Patsy, the artist of the lumber camps

Issue 4/1984 | Archives online, Fiction, Prose

A short story from Atomintutkija ja muita juttuja (1950). Introduction by Aarne Kinnunen

Deep in the wilds, where the only sound is the sad, primeval sighing of the forest, it is easy to succumb to a mood of boredom and melancholy. It may sometimes occur to you that in such a place you are wasting your life. Real life goes on elsewhere, in places with more people, more signs of human activity, more light, more gaiety…

You fell a tree, severing a string of that mighty instrument, the forest. You saw it into logs, you strip off the bark: it all seems dull and pointless. Sometimes the rain decides to go on for days: the trees have streaming colds, droplets hang from every needle-tip. You make for the shelter of a lumber camp. But the low-roofed rest-hut, deep in the forest, looks a dreary place, the well-known faces are so dull, the talk so futile. You feel you know in advance what each man is going to say. And the food, too, is just the same as usual, the same old rubbishy mush. The sight of the pot, with its blackened sides, gives no pleasure: you know all too well what is in it. And those grubby playing-cards, how disgusting! The mere sight of them is enough to make you feel defiled…

And then Patsy comes – Mad Patsy, after days of tramping through the forest, arrives from the world outside, where there are other people, other camps. Some of us, of course, know him of old: a shortish man, whom no one for a moment would take for a blue-eyed innocent …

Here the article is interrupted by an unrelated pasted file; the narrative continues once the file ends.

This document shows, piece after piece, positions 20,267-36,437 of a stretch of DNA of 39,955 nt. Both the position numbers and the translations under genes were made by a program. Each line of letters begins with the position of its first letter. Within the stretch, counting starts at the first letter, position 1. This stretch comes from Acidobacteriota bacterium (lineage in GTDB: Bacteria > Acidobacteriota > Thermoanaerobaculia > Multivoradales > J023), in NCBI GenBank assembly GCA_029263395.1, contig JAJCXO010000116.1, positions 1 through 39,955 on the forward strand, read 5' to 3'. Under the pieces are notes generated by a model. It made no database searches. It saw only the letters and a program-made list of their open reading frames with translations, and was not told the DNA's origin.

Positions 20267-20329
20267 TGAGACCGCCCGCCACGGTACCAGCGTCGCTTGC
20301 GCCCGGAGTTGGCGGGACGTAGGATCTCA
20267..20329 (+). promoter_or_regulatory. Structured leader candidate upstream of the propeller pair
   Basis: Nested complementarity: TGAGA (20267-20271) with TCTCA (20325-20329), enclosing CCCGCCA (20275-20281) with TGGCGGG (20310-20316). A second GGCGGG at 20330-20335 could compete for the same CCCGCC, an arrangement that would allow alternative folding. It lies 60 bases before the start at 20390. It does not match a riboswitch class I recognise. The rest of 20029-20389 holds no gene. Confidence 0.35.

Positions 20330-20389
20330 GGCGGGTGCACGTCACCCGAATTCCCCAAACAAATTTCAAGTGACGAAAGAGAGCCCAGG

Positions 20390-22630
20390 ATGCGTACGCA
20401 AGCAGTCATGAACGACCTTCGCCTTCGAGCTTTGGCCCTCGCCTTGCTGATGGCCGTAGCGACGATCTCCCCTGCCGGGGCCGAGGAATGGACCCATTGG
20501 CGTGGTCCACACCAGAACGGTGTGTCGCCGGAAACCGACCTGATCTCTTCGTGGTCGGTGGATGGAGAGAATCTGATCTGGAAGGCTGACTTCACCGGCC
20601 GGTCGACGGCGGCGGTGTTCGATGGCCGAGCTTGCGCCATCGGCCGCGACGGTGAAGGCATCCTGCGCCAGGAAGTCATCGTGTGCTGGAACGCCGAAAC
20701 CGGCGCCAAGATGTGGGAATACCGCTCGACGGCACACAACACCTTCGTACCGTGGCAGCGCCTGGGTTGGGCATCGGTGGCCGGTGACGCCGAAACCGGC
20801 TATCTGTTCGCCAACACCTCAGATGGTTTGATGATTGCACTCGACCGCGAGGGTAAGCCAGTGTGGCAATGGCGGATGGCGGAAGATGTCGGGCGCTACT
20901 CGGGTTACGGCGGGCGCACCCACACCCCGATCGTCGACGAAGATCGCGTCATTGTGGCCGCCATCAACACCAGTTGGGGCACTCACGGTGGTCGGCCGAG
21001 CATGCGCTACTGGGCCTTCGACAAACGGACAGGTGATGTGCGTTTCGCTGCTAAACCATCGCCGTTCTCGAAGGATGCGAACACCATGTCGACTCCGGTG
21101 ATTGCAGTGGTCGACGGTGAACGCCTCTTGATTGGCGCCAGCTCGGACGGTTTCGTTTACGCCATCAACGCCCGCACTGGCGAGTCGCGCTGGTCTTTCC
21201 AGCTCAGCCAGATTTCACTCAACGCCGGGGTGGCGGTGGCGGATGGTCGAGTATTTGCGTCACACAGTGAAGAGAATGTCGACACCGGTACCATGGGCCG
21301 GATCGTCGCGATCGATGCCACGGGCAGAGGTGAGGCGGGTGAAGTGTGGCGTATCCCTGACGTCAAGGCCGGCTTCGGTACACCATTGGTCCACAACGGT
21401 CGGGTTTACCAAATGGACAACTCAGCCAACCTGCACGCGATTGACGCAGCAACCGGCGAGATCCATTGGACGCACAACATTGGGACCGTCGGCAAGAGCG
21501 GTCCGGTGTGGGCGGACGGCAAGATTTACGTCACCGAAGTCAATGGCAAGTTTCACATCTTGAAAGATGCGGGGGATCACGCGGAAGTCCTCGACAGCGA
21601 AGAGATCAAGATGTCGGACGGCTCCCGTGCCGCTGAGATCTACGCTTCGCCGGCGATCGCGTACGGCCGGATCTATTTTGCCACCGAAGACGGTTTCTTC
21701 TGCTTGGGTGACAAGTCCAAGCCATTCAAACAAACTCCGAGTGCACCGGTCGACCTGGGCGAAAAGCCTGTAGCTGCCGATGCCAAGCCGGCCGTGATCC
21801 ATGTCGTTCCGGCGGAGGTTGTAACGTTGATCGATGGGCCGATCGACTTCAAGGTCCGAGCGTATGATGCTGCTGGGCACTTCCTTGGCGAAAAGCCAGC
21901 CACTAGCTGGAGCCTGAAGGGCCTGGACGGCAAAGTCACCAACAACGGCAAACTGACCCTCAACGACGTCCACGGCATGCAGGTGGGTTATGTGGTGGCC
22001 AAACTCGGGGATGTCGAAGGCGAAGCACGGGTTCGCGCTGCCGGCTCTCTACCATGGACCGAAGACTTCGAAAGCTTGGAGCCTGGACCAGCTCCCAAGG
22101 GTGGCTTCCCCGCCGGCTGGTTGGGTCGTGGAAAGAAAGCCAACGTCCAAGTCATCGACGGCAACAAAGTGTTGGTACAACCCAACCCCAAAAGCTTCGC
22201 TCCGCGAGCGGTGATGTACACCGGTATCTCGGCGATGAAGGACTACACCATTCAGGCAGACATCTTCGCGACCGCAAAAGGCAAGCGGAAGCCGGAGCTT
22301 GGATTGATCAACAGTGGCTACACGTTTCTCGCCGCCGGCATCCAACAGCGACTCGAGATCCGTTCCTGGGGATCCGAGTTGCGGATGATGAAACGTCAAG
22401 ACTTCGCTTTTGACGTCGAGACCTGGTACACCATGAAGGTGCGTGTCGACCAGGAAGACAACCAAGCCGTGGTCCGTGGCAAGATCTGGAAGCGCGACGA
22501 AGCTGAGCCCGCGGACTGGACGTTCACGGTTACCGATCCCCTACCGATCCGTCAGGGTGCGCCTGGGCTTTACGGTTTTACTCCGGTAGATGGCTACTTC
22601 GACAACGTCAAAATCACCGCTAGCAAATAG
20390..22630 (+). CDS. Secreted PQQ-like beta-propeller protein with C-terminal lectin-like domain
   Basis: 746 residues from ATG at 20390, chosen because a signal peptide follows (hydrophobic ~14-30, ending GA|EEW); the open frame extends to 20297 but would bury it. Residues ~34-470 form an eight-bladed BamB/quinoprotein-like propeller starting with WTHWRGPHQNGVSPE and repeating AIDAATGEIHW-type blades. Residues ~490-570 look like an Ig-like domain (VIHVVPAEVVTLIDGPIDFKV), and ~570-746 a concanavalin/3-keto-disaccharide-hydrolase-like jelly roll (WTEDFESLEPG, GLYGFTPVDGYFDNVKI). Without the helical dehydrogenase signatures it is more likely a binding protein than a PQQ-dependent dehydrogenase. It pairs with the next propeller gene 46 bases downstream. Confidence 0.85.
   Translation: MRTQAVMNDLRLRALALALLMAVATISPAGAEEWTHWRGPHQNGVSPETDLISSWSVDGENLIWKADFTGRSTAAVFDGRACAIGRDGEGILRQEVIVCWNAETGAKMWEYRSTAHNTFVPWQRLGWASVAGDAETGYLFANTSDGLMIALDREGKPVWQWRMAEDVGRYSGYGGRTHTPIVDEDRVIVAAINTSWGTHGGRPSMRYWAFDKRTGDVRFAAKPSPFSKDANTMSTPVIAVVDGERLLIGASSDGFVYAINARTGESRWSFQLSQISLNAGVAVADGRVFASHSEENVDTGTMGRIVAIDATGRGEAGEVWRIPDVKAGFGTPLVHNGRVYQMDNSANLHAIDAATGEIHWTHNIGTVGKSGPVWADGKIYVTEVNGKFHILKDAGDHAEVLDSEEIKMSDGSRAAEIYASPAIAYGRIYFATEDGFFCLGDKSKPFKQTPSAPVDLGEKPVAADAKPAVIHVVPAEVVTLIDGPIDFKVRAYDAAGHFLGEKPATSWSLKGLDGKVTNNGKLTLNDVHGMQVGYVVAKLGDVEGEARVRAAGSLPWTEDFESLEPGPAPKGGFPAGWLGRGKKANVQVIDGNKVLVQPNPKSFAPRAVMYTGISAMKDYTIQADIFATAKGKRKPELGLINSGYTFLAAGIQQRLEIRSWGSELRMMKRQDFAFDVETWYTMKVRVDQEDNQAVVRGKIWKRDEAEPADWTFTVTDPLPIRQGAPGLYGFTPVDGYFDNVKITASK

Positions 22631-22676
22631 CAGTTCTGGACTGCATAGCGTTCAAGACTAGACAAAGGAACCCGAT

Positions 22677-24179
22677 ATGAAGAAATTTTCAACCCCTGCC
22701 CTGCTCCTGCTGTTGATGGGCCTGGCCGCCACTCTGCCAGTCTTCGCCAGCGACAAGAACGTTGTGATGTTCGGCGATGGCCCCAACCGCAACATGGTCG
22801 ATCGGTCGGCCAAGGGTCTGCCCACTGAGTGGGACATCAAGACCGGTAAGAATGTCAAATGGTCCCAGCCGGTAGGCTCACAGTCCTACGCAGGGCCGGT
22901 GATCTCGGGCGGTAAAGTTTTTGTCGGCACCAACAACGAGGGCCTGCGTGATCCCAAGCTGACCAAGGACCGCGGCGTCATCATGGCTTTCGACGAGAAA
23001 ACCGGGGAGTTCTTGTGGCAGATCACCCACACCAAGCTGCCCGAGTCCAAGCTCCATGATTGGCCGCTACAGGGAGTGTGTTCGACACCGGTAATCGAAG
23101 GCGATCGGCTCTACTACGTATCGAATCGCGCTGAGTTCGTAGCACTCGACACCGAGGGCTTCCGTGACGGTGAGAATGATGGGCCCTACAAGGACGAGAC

‘Like a bite to eat?’ asks someone.

‘Well, if it’s going…’

The camps are far apart, there is not always food in the knapsack, means are slender…

More often than not, Patsy is obliged to bear in mind the old saying: let a man feed for the day, a dog for the week… And it soon becomes clear as you watch him that this man is an eater, on the grand scale. Bread, butter, dripping, all vanish before your eyes: soups and stews too, if there are any. But when Patsy has eaten his fill, wiped his knife on his trouser-leg, returned it to its sheath and had a good belch, he will say:

‘And now I’ll show you some faces.’

For Patsy was an artist, a true virtuoso: in the art of face-pulling he had no equal. The skin of his face and head did not seem to be attached to his skull at any point. The ears would wag, the nose could twist itself in any direction, the mouth would stretch, contract, turn sideways, thrust itself forward, revolve like a top. The performance was so astonishing, especially if you had not seen it before, that you sat wide-eyed and wondered whether such things could really be happening … Oh, no, it was a far from useless life that Patsy led, trudging from camp to camp, bringing his message. And what was that, you ask? To the lonely woodman, bored and oppressed by his life in the forest, the sight of this mobile mask, these grotesque facial contortions, must surely sometimes bring the consoling thought: why, such is man, and such is human life – mere foolery.

Mad Patsy was an artist, and lived, no less than any itinerant preacher, by the exercise of his vocation. Gladly the woodman offered him a share of his food, and perhaps a coin or two as well, and equally readily Patsy would then announce: